Google’s newspaper ads

From The Arts section of today’s New York Times

A Google Search of a Distinctly Retro Kind

To Satisfy a Lawsuit, Internet Powerhouse Must Turn to Print Ads

By Noam Cohen

To comply with a class-action suit by copyright holders affected by Google’s plan to offer all of literature online, old-fashioned legal notices in 70 languages are being placed in newspapers worldwide.

. . .

Old-fashioned legal notices prove best in tracking down far-flung authors

Carl Malamud – Liberating Law

Earlier Erika wrote about Carl Malamud and his public.resource.org codes.gov site.  Today our friend and hero Carl is the subject of a story in the San Francisco Chronicle:

Man provides code manuals free online
Matthew B. Stannard, Chronicle Staff Writer

The San Francisco Chronicle, Saturday, September 27, 2008, p. B1

. . .

“Not everybody is going to read the building code, but everybody who wants to should be able to without putting 100 bucks in the slot,” Malamud said. “Primary legal materials are America’s operating system.”

. . .

“It’s very clear in American law that you can’t get intellectual property protection for law,” said Pamela Samuelson, co-director of the UC Berkeley Center for Law and Technology. “Law belongs to everybody.”

. . .

“This stuff has been locked up behind a cash register,” Malamud said. “(It’s) way too important to just leave it there.”

 

I especially enjoyed reading the comments — all favorable — and note that Carl is not just our hero:

Yep! This guy is my hero. When I had to repair parts of my house up “to code” I was like, “Okay, where’s the code book? Let me read up on it…” When I found out it wasn’t available for free from a government website (the most obvious place for it!) I was shocked. It just made NO sense…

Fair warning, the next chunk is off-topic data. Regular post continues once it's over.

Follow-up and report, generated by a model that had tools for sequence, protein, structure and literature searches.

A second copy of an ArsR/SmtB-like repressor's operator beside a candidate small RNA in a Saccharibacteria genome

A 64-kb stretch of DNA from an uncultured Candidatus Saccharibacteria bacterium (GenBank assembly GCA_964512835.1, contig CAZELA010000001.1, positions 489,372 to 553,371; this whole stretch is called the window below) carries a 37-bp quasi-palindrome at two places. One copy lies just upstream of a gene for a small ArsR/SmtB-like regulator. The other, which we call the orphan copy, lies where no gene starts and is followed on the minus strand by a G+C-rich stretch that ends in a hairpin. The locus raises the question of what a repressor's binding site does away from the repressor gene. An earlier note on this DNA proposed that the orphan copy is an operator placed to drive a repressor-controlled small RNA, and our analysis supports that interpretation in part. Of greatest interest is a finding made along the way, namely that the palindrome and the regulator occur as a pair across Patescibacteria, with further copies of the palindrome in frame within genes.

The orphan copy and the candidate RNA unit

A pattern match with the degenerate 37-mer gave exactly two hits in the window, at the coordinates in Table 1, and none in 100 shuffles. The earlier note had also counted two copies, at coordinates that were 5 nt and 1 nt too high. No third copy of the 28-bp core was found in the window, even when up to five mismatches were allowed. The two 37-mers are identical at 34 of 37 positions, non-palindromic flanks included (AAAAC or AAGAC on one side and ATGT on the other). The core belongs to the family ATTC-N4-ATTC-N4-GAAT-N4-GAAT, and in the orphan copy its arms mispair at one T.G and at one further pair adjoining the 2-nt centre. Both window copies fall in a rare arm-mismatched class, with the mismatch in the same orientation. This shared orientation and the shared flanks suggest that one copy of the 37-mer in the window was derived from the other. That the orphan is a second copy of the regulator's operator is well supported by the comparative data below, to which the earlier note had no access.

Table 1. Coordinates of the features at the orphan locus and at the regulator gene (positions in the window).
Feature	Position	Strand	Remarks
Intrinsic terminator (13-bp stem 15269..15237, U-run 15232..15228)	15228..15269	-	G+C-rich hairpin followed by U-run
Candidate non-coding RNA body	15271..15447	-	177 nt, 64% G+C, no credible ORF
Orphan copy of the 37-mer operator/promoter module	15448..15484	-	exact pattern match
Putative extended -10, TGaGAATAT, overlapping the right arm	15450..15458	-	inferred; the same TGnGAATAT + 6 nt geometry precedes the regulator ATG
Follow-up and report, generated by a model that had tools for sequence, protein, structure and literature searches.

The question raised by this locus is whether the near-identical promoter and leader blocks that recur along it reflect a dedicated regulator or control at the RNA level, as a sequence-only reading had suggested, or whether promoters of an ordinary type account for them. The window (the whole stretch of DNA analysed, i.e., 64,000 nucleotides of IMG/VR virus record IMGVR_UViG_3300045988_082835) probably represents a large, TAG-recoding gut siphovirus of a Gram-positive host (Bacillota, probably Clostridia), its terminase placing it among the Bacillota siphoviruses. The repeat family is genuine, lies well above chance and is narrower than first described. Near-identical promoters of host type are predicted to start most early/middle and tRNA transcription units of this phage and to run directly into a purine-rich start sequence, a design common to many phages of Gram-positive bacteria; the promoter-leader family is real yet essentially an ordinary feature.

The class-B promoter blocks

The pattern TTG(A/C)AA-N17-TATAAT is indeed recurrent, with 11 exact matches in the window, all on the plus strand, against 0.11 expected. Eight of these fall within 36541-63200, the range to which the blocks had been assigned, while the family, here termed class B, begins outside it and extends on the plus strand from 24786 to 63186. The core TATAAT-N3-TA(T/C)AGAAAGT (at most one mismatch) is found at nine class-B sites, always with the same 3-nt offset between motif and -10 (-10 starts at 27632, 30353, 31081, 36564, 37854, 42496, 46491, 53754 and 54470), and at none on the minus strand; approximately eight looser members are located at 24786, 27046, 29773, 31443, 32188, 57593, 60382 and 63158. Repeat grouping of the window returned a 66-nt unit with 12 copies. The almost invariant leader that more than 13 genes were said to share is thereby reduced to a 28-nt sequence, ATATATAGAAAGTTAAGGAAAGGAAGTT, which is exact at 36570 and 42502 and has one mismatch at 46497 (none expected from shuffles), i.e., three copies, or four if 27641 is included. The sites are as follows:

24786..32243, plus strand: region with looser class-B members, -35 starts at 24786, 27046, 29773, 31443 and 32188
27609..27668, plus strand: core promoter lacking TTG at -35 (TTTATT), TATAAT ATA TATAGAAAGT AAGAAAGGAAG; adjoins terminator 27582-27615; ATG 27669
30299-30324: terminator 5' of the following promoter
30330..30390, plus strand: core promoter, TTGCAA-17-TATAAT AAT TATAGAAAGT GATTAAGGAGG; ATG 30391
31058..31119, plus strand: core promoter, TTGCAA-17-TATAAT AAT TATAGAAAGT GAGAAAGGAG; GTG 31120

. . .

Its about time!! I am a retired building contractor and I say its about time the public had ready access to laws like this that they are controlled by. if youre controlled by a law or regulation, you should have free and ready access to it Thanks, Mr Malamud

 

There are many more posted at SFGate.com.

 

Story update:

Carl is also the subject of a story in the September 29, 2008 New York Times:

“So many people have been moving into the public domain and putting up fences,” he said in an interview from his office in Sebastopol, Calif., where he runs a one-man operation, public.resource.org, on a budget of about $1 million a year. Much of that money goes to buy material, usually in print form, that he then scans into his computer and makes available on the Internet without restriction.

. . .

As of Labor Day, he had put, he estimates, more than 50 percent of the nation’s 11 public safety codes online, including rules for fire prevention. “We have material from all 50 states, but we don’t have all 11 codes for all 50 states,” he said.

I’m shocked, shocked, shocked – there are biased Wikipedia entries

Much has been written about Sarah Palin’s Wikipedia entry.  Today’s New York Times reports on edits made by a Wikipedia user who picked the user name YoungTrigg (Ms. Palin’s infant son is named Trig) and later self-identified himself or herself as “a volunteer for the McCain campaign, . . . ”  YoungTrigg’s edits were later revised by Ferrylodge, “a lawyer who has contributed to Wikipedia for years and describes himself as a independent-minded Republican, . . . “

The “Link by Link” feature, “Don’t Like Palin’s Wikipedia Story? Change It,” by Noam Cohen, also reports on WikiScanner and the discovery of self-promoting encyclopedia entries:

Last year, a graduate student, Virgil Griffith, created a clever Web site, WikiScanner, that made it easy to detect where anonymous editors of Wikipedia were accessing the site. In the process, companies, government agencies and, yes, politicians were caught in the act of spiffing up their Wikipedia entries . . .